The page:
Ninoy Aquino’s sister says renaming airport is denial of country’s history

Nikko Dizon
Ninoy Aquino’s sister says renaming airport is denial of country’s history
'The blood he shed on the airport’s tarmac symbolized the ultimate sacrifice he made as he fought for a return to democracy in the Philippines,' says Lupita Aquino-Kashiwahara

MANILA, Philippines – Filmmaker Lupita Aquino-Kashiwahara, younger sister of martyred opposition Senator Benigno “Ninoy” Aquino Jr,  said over the weekend that “revisionist” lawmakers who are moving to rename the Ninoy Aquino International Airport (NAIA) are “attempting to deny their country’s history.”

On Thursday, June 25, presidential son and Davao 1st District Representative Paolo Duterte, Marinduque Representative Lord Allan Velasco, and ACT-CIS Representative Eric Yap filed House Bill (HB) 7031, which seeks to remove Aquino’s name from the main international airport in Metro Manila.

They want it changed to Paliparang Pandaigdig ng Pilipinas – International Airport of the Philippines when translated into English – because “there is a need to identify the same as belonging to the Philippines.”

NAIA used to be called the Manila International Airport, until it was renamed during the presidency of Aquino’s wife Corazon, through Republic Act 6639 (enacted without executive approval), in late 1987.  

“The revisionist congressmen are playing politics while attempting to deny their country’s history,” Kashiwahara said in a statement.

Aquino’s sister reminded these lawmakers that renaming the Manila International Airport after her brother was “in recognition of the historical impact that Ninoy Aquino’s assassination had not only on our country, the Philippines, but around the world.”

“I wonder whether those proposing to change the airport’s name would even be in office today had it not been for Ninoy. Many countries have named their airports to honor their own historical figures including Indonesia, India, Thailand, and the United States. In doing so, they have not lost their national identities,” she added.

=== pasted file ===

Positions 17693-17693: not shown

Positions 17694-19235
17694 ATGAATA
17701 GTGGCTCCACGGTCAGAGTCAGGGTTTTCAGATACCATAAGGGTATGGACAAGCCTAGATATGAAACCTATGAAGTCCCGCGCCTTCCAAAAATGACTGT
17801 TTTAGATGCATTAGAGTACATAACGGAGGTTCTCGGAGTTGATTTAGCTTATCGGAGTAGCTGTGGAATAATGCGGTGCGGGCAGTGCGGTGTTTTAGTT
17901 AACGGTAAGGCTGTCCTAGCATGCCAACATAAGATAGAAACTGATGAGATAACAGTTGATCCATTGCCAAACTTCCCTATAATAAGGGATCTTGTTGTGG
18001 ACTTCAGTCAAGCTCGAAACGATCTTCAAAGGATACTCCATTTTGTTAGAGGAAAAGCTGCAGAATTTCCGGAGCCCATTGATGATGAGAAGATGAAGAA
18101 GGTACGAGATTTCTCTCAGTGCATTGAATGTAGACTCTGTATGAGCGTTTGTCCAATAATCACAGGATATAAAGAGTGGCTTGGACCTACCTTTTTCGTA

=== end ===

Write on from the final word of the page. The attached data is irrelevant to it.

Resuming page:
In August 1983, after a 3-year self-exile with his family in the United States, Ninoy Aquino decided to return to the Philippines to join the opposition in their fight against the dictatorship of Ferdinand Marcos. Under Marcos, the country had plunged into poverty and debt; thousands of Filipinos had become human rights victims as they resisted martial rule.

The senator was accompanied by Kashiwahara’s husband, Ken, on his flight back to the Philippines on August 21, 1983. Aquino was shot dead in the tarmac by his police escorts. His assassination triggered protests that culminated to the overthrow of Marcos in February 1986, and catapulted Aquino’s wife Corazon to the presidency.

To this day, there is a marker at the airport right on the spot where Aquino fell.

The attempts to change the Philippines’ history became prevalent since the Marcos family sashayed back to power. (READ: U.P. History professors slam Bongbong’s call to revise Marcos regime accounts in textbooks)

The Marcoses found an ally in President Duterte, whose presidential bid they openly supported. Duterte himself repeatedly says that he idolizes the dictator Marcos. (READ: Duterte on Marcos burial: Let history judge, I followed law)

Kashiwahara also raised a practical point from the point of view of marketing a country brand: “If the congressmen proposing change intend to rebrand the Philippines as a tourist destination, the question is for whom? Most foreign tourists will have no idea what the Tagalog name means and Filipinos already know the airport is in the Philippines.”

Paolo Duterte et al’s bill was met with criticism online. Vice President Leni Robredo also described the proposal to rename the NAIA “ill-timed,”, reminding the lawmakers that the country is in the middle of a pandemic. 

Robredo also asked, “Where is our sense of history?” –

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Nikko Dizon

Nikko Dizon is a freelance journalist specializing in security and political reporting. She has extensively covered issues involving the military, the West Philippine Sea maritime dispute, human rights, and the peace process.